Tuesday, November 25, 2014

Did the prosecutor in charge of the grand jury in Ferguson act unethically?

As we watch the events in Ferguson, Missouri unfold, here is a short comment by Prof. Monroe Freedman arguing the prosecutor in charge of the grand jury acted with a conflict of interest.

In an unrelated comment, another author argues the case should have been set for trial saying..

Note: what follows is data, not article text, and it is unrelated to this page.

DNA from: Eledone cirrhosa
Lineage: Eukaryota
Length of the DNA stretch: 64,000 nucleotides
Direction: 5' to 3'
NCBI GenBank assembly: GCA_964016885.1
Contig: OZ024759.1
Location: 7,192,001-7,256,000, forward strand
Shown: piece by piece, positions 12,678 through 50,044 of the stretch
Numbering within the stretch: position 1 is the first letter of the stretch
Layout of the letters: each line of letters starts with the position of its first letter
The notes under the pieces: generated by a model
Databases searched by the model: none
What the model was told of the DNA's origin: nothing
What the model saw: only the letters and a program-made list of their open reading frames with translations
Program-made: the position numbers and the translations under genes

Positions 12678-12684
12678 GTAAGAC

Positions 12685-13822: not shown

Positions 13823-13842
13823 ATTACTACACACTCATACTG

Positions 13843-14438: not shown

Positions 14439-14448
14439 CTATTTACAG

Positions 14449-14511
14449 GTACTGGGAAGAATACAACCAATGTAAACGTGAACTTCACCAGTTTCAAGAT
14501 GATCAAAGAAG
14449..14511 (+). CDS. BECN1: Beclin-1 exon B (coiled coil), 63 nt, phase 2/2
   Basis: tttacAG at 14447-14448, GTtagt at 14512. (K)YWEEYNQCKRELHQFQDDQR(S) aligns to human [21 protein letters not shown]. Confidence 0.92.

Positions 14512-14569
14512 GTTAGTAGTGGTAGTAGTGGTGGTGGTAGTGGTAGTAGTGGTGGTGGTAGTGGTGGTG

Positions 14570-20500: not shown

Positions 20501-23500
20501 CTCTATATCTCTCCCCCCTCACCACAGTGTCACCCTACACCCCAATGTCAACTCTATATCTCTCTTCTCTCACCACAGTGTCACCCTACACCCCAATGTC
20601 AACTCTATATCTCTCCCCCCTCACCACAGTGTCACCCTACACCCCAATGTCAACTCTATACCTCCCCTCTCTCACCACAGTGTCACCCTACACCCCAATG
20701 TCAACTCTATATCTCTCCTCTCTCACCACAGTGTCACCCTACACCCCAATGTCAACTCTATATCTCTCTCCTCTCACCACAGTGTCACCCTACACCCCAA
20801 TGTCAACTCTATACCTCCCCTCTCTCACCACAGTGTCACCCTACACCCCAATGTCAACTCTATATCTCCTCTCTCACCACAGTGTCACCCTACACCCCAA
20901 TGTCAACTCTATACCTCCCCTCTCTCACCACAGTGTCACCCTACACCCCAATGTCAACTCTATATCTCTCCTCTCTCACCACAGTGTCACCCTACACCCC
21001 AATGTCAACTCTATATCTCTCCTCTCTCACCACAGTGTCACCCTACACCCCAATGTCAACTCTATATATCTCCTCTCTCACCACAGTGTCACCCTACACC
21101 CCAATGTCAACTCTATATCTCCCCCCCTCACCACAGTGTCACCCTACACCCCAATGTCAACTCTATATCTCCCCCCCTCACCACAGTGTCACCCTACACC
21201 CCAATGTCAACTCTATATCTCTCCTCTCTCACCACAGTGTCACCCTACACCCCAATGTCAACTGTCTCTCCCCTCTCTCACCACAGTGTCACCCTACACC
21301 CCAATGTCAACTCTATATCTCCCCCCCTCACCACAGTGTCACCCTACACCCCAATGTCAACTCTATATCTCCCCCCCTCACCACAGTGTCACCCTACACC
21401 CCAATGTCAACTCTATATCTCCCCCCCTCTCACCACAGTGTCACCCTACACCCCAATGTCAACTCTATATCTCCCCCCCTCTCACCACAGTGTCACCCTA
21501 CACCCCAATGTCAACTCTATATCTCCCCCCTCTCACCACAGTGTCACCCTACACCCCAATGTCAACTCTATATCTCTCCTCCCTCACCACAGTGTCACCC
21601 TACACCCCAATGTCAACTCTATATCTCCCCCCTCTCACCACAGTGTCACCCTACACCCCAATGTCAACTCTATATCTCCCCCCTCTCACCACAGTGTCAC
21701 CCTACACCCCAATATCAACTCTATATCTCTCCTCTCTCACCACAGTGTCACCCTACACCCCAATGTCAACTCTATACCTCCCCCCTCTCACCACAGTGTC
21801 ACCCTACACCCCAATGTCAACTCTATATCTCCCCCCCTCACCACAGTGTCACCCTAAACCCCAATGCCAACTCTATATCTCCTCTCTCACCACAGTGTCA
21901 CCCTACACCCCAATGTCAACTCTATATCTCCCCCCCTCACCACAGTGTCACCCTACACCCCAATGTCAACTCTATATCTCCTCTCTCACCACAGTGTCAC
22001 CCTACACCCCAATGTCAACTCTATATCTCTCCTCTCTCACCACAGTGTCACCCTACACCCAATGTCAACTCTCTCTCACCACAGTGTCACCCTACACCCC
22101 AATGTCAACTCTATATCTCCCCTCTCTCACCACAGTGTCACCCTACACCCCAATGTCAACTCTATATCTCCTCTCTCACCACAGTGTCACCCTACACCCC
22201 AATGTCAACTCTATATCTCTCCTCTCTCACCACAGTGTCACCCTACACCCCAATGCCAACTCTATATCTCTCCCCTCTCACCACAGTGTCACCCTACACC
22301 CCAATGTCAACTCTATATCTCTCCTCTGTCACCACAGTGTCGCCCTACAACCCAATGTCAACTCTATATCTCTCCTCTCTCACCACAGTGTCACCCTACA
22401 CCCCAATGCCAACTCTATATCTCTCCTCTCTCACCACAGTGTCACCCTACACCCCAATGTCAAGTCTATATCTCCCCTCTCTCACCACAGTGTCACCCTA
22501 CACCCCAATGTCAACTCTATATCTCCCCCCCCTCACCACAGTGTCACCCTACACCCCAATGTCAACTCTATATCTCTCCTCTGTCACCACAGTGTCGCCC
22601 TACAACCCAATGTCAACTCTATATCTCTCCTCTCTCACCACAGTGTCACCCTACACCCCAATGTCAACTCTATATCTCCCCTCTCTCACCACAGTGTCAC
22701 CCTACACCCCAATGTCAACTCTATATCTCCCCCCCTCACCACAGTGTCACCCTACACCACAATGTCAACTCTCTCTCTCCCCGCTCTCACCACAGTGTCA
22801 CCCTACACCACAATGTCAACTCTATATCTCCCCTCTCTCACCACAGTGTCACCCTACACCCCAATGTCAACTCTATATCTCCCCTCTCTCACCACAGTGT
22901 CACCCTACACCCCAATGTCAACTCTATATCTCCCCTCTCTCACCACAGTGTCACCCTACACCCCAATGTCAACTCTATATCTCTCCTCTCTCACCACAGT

Ferguson prosecutor Robert McCulloch delivered a long-winded, smirking speech blaming social media, journalists, Ferguson residents, and pretty much everyone else who isn't Darren Wilson, for Darren Wilson shooting and killing 18-year-old Michael Brown. It took McCulloch 10 minutes of hectoring before he revealed the grand jury had found no probable cause to indict Wilson, and the rest of the 45-minute speech, in which McCulloch seemed to be presenting evidence in Wilson's favor, felt more like defense attorney's argument than a prosecutor's. The very length of McCulloch's rambling statement, really, and the amount of evidence he felt compelled to argue against, was in and of itself a fair argument that the case should have gone to trial.